4. Electronic Kingdom and Wired Cities in the “Age of Disorder”: The Struggle for Control of China’s National and Global Communication Capabilities, 1870-1901 113
5. The Politics of Global Media Reform I, 1870-1905: The Early Movements against Private Cable Monopolies 142
6. The Politics of global Media Reform II, 1906-16: Rivalry and Managed Competition in the Age of Empire(s) and Social Reform 177
7. Wireless, War, and Communication Networks, 1914-22 228
Thick and Thin Globalism: Wilson, the Communication Experts, and the American Approach to Global Communication, 1918-22 257
9. Communication and Informal Empires: Consortia and the Evolution of South American and Asian Communication Markets, 1918-30 277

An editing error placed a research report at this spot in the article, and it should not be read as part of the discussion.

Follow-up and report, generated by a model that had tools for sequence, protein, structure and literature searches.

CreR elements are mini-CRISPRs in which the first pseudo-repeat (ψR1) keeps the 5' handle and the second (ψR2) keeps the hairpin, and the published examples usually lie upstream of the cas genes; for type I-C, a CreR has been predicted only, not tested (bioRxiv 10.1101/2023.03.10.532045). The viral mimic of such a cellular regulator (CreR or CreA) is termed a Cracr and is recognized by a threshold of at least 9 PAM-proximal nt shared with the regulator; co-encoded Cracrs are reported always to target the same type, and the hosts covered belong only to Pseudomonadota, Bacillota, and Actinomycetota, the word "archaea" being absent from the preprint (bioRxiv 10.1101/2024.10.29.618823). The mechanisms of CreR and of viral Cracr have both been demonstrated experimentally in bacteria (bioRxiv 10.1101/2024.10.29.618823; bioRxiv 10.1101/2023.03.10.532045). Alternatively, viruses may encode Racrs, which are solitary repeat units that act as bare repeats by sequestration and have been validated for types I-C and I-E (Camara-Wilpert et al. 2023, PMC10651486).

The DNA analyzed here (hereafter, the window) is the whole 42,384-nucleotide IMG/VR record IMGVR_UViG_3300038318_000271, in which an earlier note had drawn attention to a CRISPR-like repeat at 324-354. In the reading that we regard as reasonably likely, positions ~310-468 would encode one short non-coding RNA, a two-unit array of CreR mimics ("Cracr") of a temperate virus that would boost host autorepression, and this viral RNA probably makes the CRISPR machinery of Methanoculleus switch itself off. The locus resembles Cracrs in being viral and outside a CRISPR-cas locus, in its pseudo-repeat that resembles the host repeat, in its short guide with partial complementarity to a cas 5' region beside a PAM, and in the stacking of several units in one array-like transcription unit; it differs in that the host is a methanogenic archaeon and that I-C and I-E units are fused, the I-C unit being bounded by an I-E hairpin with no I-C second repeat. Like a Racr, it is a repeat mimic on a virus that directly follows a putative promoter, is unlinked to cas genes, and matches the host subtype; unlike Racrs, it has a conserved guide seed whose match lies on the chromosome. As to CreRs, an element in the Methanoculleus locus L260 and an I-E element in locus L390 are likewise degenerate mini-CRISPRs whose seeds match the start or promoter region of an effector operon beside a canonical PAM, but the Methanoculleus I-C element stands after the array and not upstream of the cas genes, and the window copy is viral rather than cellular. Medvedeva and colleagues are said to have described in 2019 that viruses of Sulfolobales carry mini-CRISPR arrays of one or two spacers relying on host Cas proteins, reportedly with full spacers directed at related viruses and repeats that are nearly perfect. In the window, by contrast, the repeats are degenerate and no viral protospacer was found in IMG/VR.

10. The Euro-American Communication Market and Media Merger Mania: New Technology and the Political Economy of Communication in the 1920s 304
Conclusions: The Moving Forces of the Early Global Media 338
Notes 347
Bibliography 370
Index 403

Dwayne R. Winseck is Associate Professor in the School of Journalism and Communication at Carleton University. He is the author of Reconvergence: A Political Economy of Telecommunications in Canada and a coeditor of Democratizing Communication? Comparative Perspectives on Information and Power and Media in Global Context.

Robert M. Pike is Professor Emeritus of Sociology at Queen’s University in Kingston, Ontario. He is the author of many articles on the history of communications.